You could argue all day about the exact nature of Guy Clark's muse, but it's safe to say he has one and it performs its duties in a self-reliant, tight-lipped manner. One of the most laconic of songwriters, Clark examines the very idea of inspiration throughout his new full-length Somedays the Song Writes You. Clark is a self-conscious creator whose narratives invite the kind of scrutiny normally reserved for poetry on the page, so there are moments when his music feels secondary to his words. Being a Texan and a self-reliant artist, he writes for himself without losing a speck of the universal appeal to which all songwriters aspire.
Clark cut Somedays the Song Writes You over a few days in Nashville with a crack band, and he says he likes to record his songs in real time. "Over the years I've tried to get closer to actually recording the music being played as it goes down," he says. "You know, not piecing it all together after the fact. It's music being played live. I like doing the songs all the way through, which means that you have to prepare."
Longtime Clark collaborator Verlon Thompson adds guitar to Somedays, while bassist Bryn Davies doubles as harmony vocalist on several songs. Shawn Camp's mandolin and fiddle color the spare, beautiful performances, and if Kenny Malone's drums don't exactly rock and roll, they anchor each song perfectly. Like Clark's narratives, the music seems uninflected at first. This is an illusion perfectly in keeping with the mood of Somedays, although Clark seems to disavow any high-toned notions of thematic unity.
"I never think about my records having a theme," he says. "I'm just looking for 10 good songs. I know people like that: They've got 20 songs and they're tryin' to figure out which ones go together. But if I get 10, I'm in the studio. And there are no extras."
Clark collaborated with a number of writers on the 11 songs that compose Somedays. Thompson gets a credit on "The Guitar," a tale of a supernatural if not haunted instrument that hangs in "a pawn shop in an older part of town" waiting for someone to take it home. Jedd Hughes pitches in on "Hollywood," an altogether unsentimental look at stardom and its discontents. Clark says he enjoys collaboration, although it doesn't always produce results.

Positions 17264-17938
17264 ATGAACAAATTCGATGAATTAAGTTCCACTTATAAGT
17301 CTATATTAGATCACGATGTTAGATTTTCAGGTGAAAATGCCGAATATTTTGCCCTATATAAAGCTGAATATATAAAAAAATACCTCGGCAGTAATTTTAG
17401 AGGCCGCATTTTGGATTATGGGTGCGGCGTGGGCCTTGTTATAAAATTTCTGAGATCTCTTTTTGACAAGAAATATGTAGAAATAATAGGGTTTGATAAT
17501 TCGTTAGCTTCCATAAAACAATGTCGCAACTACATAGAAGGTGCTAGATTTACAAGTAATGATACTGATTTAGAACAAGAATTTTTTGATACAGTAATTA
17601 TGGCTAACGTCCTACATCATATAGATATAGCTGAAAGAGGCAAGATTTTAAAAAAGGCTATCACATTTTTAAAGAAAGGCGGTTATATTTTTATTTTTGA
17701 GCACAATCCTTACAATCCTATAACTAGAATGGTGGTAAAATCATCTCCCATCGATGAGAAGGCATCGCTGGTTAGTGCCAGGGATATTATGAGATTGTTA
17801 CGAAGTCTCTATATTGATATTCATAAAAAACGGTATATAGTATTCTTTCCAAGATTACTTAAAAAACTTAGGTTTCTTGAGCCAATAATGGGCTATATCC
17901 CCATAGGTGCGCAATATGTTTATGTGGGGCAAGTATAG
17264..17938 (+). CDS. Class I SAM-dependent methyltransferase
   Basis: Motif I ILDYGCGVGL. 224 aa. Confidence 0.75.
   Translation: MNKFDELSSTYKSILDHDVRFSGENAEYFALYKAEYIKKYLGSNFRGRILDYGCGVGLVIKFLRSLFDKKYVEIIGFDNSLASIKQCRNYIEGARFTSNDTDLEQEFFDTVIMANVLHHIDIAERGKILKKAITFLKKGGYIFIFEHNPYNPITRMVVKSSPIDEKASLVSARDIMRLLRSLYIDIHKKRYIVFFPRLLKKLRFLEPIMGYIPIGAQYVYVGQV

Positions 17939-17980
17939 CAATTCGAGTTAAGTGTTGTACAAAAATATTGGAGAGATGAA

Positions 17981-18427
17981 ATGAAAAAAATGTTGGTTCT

"When you're kind of on the same page it's fun," he says. " 'Course, sometimes it happens, sometimes it doesn't. John Prine and I sat and looked at each other for two days and didn't get a fuckin' thing." Judging from a song such as "Eamon"—a moving tale of the sea written with Rodney Crowell—Clark knows how to get the most out of his co-writers. The songs on Somedays are of a piece, yet each carries its own distinctive idiom.
Whether or not Somedays is a concept record about the rigors of songwriting, a composition such as "Hemingway's Guitar" seems to suggest that sources of inspiration can be both beneficial and toxic. "You know it's tough out there / A good muse is hard to find," Clark sings. "There's more to life than whiskey / There's more to words than rhyme." Meanwhile, Clark and Patrick Davis' "Wrong Side of the Tracks" places its narrator in a part of town celebrated for its ability to inspire slumming songwriters, but the song doesn't appear to include a moral.
As usual, Clark discounts an elaborate reading of "Wrong Side." ("I'm just painting a little picture," he says.) Still, it's a complex song. Homeless men appear alongside privileged characters who ride in limousines. "Think you're smart but you don't know Jack," the homeless man laughs. A less intelligent writer might have played the song for pathos in the country-music manner. As Clark is quick to note, he's not exactly a conventional Nashville tunesmith.
"I'm not a country-music writer, but this is where the marketplace is," he says. "I figured out early that those were not the kind of songs I wanted to write, but Nashville was fertile ground. And it beats the hell out of tryin' to live in L.A. or New York. You have to make a living at it or you wind up hating it. Makes you bitter and disillusioned."
Clark rounds out Somedays with Townes Van Zandt's "If I Needed You," which features characters named Loop and Lil. "Loop and Lil were parakeets of his," Clark says. "He'd carry these parakeets around inside his sport coat, onto airplanes and shit." Those parakeets might have made for a pair of unlikely muses, but any songwriter worth his salt knows how important that kind of portable inspiration can be to a man trying to make his ideas take wing and fly.
Less crying, more packing Ben. Good riddance.
"That’s all I got to say." - thats right piano boy time to move along
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